Hospital’s medical experts, on the other hand, testified Decedent’s symptoms indicated he had stable angina because he did have pain relief from the nitroglycerin with only “residual tightness.” 

The jury returned a verdict for Hospital on the issue of Dr. King’s negligence in failing to admit Decedent to the hospital.

ISSUES

1. Did the trial court err in granting a directed verdict regarding conflicting discharge instructions?
2.  Did the trial court err in excluding evidence of conflicting discharge instructions?

DISCUSSION

1.  Directed verdict

Appellant accompanied Decedent to the emergency room.  On cross-examination, she denied Decedent was told at the time of his discharge to contact his cardiologist, Dr. Reeves, in the morning.  On re-direct, counsel referred to a document entitled “Aftercare Instructions” which Decedent was given by Hospital’s staff when he was discharged.  The document states:  “THESE ARE YOUR FOLLOW-UP INSTRUCTIONS!  Call Dr. Hiott [Decedent’s family doctor] in 2 days if not much better.  Call sooner if worsening.”  This document was admitted into evidence.

At the close of appellant’s case, Hospital moved for a directed verdict on the allegation that Hospital was negligent in giving these aftercare instructions which conflicted with Dr. King’s instructions to contact the cardiologist in the morning.  The trial judge found appellant had presented no evidence the discrepancy in instructions was the proximate cause of Decedent’s death and granted the motion.[3]

A directed verdict should be granted where the evidence raises no issue for the jury as to the defendant's liability.  Roberts v. Hunter, 310 S.C. 364, 426 S.E.2d 797 (1993).  On review, we will affirm a directed verdict where there is no evidence on any one element of the alleged cause of action.  First State Savings and Loan v. Phelps, 299 S.C. 441, 385 S.E.2d 821 (1989).   In a medical malpractice action, the plaintiff must establish proximate cause as well as the negligence of the physician.  Ellis v. Oliver, 323 S.C. 121, 473 S.E.2d 793 (1996).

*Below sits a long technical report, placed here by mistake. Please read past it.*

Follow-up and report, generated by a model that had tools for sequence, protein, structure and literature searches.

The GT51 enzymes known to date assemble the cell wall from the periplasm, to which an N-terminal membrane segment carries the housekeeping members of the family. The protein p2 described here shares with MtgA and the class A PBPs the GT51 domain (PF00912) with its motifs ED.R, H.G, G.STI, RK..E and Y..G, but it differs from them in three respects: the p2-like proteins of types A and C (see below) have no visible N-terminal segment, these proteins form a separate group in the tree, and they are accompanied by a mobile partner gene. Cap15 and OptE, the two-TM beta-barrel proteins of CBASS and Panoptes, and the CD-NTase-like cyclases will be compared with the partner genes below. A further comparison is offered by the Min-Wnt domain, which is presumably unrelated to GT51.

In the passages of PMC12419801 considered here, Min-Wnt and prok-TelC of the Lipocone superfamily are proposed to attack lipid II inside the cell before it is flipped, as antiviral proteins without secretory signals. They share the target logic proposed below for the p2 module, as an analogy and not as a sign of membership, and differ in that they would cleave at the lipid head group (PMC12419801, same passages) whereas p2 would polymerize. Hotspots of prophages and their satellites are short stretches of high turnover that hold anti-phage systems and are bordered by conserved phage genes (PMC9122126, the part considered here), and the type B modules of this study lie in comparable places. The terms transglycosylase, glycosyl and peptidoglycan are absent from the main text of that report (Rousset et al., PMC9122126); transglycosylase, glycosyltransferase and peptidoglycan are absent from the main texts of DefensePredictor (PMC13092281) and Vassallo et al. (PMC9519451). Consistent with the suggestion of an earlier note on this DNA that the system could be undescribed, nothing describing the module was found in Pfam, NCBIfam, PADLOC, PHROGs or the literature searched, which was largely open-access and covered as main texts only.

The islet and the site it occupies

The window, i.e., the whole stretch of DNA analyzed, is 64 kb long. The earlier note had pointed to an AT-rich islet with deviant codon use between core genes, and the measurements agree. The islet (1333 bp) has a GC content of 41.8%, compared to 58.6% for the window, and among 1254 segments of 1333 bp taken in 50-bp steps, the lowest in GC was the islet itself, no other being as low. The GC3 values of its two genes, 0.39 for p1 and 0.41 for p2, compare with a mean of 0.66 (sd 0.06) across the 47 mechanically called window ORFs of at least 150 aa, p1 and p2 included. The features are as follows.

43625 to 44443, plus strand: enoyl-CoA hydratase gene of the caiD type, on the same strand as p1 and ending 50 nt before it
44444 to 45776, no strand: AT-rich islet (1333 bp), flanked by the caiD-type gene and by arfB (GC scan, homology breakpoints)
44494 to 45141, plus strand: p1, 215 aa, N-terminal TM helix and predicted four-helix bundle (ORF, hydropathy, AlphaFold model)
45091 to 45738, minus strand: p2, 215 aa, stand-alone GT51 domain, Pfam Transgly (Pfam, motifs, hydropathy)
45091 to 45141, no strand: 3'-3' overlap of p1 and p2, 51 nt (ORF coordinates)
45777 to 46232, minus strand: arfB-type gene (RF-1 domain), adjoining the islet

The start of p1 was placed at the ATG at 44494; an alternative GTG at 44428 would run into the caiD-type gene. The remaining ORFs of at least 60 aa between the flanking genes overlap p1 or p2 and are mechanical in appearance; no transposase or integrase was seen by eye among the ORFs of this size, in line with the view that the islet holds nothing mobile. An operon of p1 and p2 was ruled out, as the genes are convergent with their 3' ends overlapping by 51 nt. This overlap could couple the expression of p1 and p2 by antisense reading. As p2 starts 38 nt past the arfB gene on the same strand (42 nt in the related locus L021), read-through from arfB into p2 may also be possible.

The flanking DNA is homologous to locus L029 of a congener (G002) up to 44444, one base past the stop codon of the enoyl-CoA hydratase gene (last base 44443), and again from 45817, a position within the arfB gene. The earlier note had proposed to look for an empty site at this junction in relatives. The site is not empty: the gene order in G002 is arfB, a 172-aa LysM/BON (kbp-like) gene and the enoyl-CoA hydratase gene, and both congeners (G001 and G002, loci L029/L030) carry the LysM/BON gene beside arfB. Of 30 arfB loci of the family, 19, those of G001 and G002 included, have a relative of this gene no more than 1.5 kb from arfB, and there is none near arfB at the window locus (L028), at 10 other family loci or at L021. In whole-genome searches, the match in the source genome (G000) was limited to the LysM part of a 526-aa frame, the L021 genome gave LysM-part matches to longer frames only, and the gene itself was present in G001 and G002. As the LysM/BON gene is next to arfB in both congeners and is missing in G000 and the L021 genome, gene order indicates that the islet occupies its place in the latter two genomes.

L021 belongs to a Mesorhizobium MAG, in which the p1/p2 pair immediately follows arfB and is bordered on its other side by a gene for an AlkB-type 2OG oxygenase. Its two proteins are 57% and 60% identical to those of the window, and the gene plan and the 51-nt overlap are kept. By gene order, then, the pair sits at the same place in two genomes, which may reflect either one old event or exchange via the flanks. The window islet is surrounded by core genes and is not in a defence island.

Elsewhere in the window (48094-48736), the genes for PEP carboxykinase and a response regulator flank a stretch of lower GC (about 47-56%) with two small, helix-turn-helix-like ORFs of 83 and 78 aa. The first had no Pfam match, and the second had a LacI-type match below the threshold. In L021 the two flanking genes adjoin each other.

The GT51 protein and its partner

There is no evidence Decedent relied on Hospital’s aftercare instructions and for this reason did not call his cardiologist.  Further, the record contains no expert testimony Decedent’s death could have been prevented had he seen his cardiologist the next morning.  See Bramlette v. Charter-Medical-Columbia, 302 S.C. 68, 393 S.E.2d 914 (1990) (expert testimony is required to establish proximate cause in a medical malpractice case if outside the common knowledge or experience of laypersons); Green v. Lilliewood, 272 S.C. 186, 249 S.E.2d 910 (1978) (medical malpractice plaintiff relying on expert testimony must introduce evidence that defendant's negligence most probably resulted in the injuries alleged).  Because there is no evidence the conflicting discharge instructions proximately caused Decedent’s death, the trial judge properly granted a directed verdict on this allegation of negligence.

2.  Exclusion of evidence

Hospital moved to strike the “Aftercare Instructions,” along with evidence of Hospital’s internal policies regarding discharge instructions, after withdrawing comparative negligence as a defense.  In light of counsel’s assurance comparative negligence would not be argued to the jury, the trial judge found the contested evidence irrelevant and granted the motion to strike.[4]